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RBC Capital Markets Pays $300,000 plus Restitution  

RBC Capital Markets Pays $300,000 plus Restitution  featured by top securities fraud attorneys, the White Law Group

FINRA Sanctions RBC Capital Markets for Unsuitable Short-term trading  

According to public documents this week, the Financial Industry Regulatory Authority (FINRA), the self-regulator that oversees brokers and brokerage firms, has censured and fined RBC Capital Markets LLC $300,000 for supervisory issues. The firm will also reportedly be required to pay restitution of $128,643.17 plus interest and disgorgement of $653,312.83 plus interest.  

From January 2017 to December 2018, RBC failed to establish and maintain a reasonable supervisory system to monitor whether its registered representatives recommended to retail customers short-term trading of syndicate preferred stocks that was unsuitable, including for the purpose of capturing sales concessions and commissions.   

While the firm’s procedures called for supervisors to closely examine representatives’ short-term trading of preferred stocks, the firm’s electronic surveillance of short-term trading in preferred stock was unreasonably designed, and it failed to monitor for that activity.   

Representatives allegedly recommended a number of the firm’s retail customers purchase syndicate preferred stocks, and then sell the positions within 180 days, and the customers sustained losses on these transactions. Based on the above conduct, RBC violated FINRA Rules 3110 and 2010.  

Failure to Supervise 

FINRA Rule 3110 (Failure to Supervise) requires a firm to establish and maintain a system to supervise the activities of its associated persons that is reasonably designed to achieve compliance with the applicable securities laws and regulations and FINRA rules.  

Firms are responsible for ensuring that their associated persons comply with applicable securities laws and regulations, as well as FINRA rules, and must take reasonable steps to prevent violations from occurring.    

If a firm fails to supervise adequately, it may be subject to disciplinary action by FINRA, including fines, censures, and suspension or revocation of its membership. In addition, the individuals responsible for supervisory failures may also face disciplinary action, including fines, suspensions, and bars from the industry.     

FINRA Rule 2010  

FINRA Rule 2010 is a broad ethical principle that requires all FINRA member firms and their associated persons to observe high standards of commercial honor and just and equitable principles of trade. It is known as the “Standards of Commercial Honor and Principles of Trade” rule.   

The rule is designed to promote ethical conduct and fair dealing in the securities industry. It covers a wide range of activities, including the solicitation, sale, and execution of securities transactions, as well as the handling of customer accounts and the dissemination of investment recommendations.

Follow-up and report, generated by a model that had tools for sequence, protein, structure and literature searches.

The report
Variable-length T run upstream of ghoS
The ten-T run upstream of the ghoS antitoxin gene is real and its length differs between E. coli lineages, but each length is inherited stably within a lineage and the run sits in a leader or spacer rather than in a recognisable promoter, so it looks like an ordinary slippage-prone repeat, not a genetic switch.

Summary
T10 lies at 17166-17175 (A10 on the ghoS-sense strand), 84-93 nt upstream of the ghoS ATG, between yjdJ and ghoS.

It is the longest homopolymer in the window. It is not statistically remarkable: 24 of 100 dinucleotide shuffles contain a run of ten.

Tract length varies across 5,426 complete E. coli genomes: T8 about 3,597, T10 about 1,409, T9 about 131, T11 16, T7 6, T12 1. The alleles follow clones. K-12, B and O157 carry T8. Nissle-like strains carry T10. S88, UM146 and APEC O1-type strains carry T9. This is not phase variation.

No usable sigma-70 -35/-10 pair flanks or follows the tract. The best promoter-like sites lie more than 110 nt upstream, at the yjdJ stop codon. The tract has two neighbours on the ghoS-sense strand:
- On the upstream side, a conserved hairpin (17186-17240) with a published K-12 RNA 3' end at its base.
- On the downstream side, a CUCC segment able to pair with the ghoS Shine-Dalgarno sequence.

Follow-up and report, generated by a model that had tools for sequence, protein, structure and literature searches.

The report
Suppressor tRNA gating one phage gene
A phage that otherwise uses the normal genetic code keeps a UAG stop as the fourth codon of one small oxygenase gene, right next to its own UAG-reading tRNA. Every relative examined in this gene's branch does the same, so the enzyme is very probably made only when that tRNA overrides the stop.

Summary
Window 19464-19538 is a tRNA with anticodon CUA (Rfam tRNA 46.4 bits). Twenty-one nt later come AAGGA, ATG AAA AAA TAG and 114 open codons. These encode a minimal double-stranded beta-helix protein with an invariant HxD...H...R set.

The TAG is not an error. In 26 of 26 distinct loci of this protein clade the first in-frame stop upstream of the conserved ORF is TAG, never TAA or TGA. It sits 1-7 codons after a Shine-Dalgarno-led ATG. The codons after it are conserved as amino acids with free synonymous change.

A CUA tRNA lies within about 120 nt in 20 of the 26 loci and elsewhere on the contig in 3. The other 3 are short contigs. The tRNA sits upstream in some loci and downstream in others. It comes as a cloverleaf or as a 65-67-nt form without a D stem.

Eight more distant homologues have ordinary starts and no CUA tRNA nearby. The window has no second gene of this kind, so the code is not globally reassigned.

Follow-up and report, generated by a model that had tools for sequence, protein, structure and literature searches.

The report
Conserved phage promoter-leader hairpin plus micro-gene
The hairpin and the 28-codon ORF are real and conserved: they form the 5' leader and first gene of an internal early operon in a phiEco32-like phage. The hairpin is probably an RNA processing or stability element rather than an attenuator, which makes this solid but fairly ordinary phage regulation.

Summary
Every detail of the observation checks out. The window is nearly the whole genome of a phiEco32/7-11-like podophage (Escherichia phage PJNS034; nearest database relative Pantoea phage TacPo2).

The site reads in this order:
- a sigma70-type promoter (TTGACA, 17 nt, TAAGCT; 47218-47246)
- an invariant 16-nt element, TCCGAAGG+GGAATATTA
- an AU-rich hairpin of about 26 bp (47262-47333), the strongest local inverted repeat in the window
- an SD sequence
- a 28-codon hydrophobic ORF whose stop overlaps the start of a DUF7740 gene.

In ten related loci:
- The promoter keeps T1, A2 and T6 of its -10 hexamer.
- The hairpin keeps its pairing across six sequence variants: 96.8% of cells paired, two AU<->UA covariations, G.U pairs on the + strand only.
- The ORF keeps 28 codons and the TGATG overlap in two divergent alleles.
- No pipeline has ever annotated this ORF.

RBC Capital Markets – Regulatory History  

In December 2021, RBC was censured, fined $550,000 and ordered to pay $456,155, plus interest, in restitution. RBC failed to establish, maintain, and enforce a supervisory system, including written procedures, reasonably designed to achieve compliance with FINRA and Municipal Securities Rulemaking Board rules with respect to representatives’ recommendations of high-yield corporate and municipal bonds. RBC therefore violated NASD Rule 3010, FINRA Rule 3110, and MSRB Rule G-27.  

 In December 2020, RBC was censured and ordered to pay $685,520, plus interest, in restitution. RBC failed to establish and maintain a supervisory system reasonably designed to supervise representatives’ recommendations to customers to purchase particular share classes of 529 savings plans in violation of MSRB Rule G-27.   

In April 2020, according to an Offer of Settlement with the Securities and Exchange Commission, RBC Capital Markets was censured and ordered to pay disgorgement of $2,607,676, plus interest, and a civil penalty of $650,000. RBC consented to findings that it disadvantaged certain brokerage customers by failing to ascertain they were eligible for a less expensive share class and recommending and selling them more expensive share classes in mutual funds when less expensive share classes were available, and that it did not disclose that the more expensive share classes would result in greater compensation for RBC while negatively impacting the overall return on the customers’ investments. RBC thus violated Sections 17(a)(2) and 17(a)(3) of the Securities Act of 1933.  

Free Consultation with a Securities Fraud Attorney     

The White Law Group, LLC is a national securities fraud, securities arbitration, investor protection, and securities regulation/compliance law firm with offices in Chicago, Illinois and Seattle, Washington. The firm represents investors throughout the country in claims against their brokerage firm.      

If you are concerned about your investments with RBC Capital, please call the White Law Group. For a free consultation with a securities attorney, please call us at 1-888-637-5510.      

For more information on the firm and its representation of investors, please visit WhiteSecuritiesLaw.com.      




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